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Mistress America

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I’m so glad writer/director Noah Baumbach only had a few missteps. There was that awful movie Greenberg (Ben Stiller) and the disappointing Margot at the Wedding (Nicole Kidman/Jack Black).

Baumbach has been dating Greenberg star Greta Gerwig and this is the second movie he’s written with her (Frances Ha previously). It’s now Baumbach’s third New York picture, so…step aside, Woody Allen.

Tracy (Lola Kirke) is in New York City, having a tough time fitting in at college. One of her disappointments is not making it into a prestigious literary society. Her friend Tony (Mattew Shear) is a pretentious writer, but she has feelings for him anyway. We guess that’s merely out of lonliness. His girlfriend (Jasmine Cephas-Jones) is the jealous type, so that triangle goes down paths you’d expect, but it’s funny.

Tracy is lamenting all this to her mom (Kathryn Erbe). She suggests that she get together with her future stepsister Brooke (Greta Gerwig). Brooke is the life of the party, and just hanging out with her improves everything in Tracy’s life.

The first half of the movie is an interesting character study. The second have becomes a wacky farce that might exhaust some. It’s like a comedy from the ‘40s, with a dash of pathos, and a touch of John Hughes. The lines are quick and Gerwig’s timing is spot-on.

The tonal switch worked for me, because the lines are all solid. It’s also refreshing that Tracy can see that Brooke is a bit of a nut.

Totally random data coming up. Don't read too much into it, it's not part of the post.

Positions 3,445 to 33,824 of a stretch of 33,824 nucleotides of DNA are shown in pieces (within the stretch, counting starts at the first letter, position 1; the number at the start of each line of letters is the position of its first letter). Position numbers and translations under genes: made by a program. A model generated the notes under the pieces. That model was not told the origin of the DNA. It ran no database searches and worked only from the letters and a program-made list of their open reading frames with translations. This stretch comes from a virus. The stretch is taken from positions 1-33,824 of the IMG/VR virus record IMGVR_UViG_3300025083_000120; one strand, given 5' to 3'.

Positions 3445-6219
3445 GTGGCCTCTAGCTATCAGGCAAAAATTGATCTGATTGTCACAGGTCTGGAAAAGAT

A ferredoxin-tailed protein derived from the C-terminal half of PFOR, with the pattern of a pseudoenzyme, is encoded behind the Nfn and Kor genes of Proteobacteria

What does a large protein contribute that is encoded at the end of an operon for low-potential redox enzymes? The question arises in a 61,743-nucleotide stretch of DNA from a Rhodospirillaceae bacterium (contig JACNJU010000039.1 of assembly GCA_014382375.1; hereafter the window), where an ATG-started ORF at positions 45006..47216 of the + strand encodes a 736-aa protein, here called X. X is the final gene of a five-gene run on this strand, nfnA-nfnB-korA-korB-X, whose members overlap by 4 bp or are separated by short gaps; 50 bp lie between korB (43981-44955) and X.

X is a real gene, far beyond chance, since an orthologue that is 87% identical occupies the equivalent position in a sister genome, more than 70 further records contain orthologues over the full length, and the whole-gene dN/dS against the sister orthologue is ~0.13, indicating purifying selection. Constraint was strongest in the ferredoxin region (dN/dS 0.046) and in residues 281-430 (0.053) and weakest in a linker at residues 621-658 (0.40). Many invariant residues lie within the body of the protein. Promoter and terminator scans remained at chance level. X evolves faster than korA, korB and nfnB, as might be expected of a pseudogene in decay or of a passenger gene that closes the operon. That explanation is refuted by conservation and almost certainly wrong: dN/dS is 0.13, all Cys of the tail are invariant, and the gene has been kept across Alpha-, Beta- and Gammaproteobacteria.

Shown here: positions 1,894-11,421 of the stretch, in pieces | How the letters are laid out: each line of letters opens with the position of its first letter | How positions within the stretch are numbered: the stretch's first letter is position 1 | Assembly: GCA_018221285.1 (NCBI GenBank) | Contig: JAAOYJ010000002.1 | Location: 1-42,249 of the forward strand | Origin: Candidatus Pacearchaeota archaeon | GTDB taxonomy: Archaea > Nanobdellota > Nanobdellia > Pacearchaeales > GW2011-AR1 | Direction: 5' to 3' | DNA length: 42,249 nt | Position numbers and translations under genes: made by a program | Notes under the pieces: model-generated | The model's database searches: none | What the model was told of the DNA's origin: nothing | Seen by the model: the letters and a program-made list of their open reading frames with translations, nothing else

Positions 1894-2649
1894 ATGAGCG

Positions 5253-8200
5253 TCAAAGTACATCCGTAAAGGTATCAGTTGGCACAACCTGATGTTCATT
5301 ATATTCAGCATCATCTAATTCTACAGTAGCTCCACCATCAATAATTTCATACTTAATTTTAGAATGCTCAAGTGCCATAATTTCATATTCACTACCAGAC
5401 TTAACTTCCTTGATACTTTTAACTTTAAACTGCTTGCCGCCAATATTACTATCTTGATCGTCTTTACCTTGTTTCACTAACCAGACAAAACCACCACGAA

We’ve all met this person. They start out fun, but we soon see their true colors. I was at a party in Rancho Santa Fe and met a 55-year-old woman who was this Brooke character, always reliving her glory days from high school. Another time, it was an artist with a huge loft in North Park. He threw the best parties, and was always at the happening restaurant, concert, or event. After a few weeks, you were exhausted and annoyed listening to him talk.

Yet even if you can’t relate, you’ll enjoy watching a young, impressionable girl come to her own realizations about her life and those she’s surrounded by.

In the second half of the movie, we get an interesting road trip to Brooke’s ex-fiance Dylan (Michael Chernus). Unlike the recent Paper Towns, interesting and funny things happen during all of those scenarios here. We hear Brooke’s version of events (which include her friend stealing a T-shirt idea she had, as well as her boyfriend and cat).

They could’ve toned down the amount of wackiness that happens when this group arrives at this ex-boyfriends mansion. It’s also really hard to buy the fact that a member of a book club (Cindy Cheung) would stick around for all the shenanigans as well.

This is the type of movie that has scenes you may have seen before, but they’re written so much better, they’re welcome. A perfect example is when Brooke and Tracy are drinking in a bar, and they’re approached by a former classmate (Rebecca Henderson). What happens during that confrontation was excellent on some many levels.

Again, the movie does have a few scenes that don’t work. One of those being an angry neighbor that somehow ends up in the house and adding his two cents into Brooke’s latest idea – an art gallery/restaurant/hair salon. She’s hoping the ex-boyfriend will lend her money for that project.

The soundtrack helps encapsulate the perfect ‘80s vibe. We hear McCartney sing “No More Lonely Nights,” as well as Toto, Hot Chocolate, Suicide, and Ace of Base.

This might not be the most cohesive film, but so what. Watching a wacky, egocentric character – played brilliantly by Gerwig – make this worth your while.

It gets 3 ½ stars out of 5.

1 Comment

  • L. Nevarez

    We watched this film at the San Diego Film Festival screening last week. The film was well received by the audience. Great writing, great review Josh.

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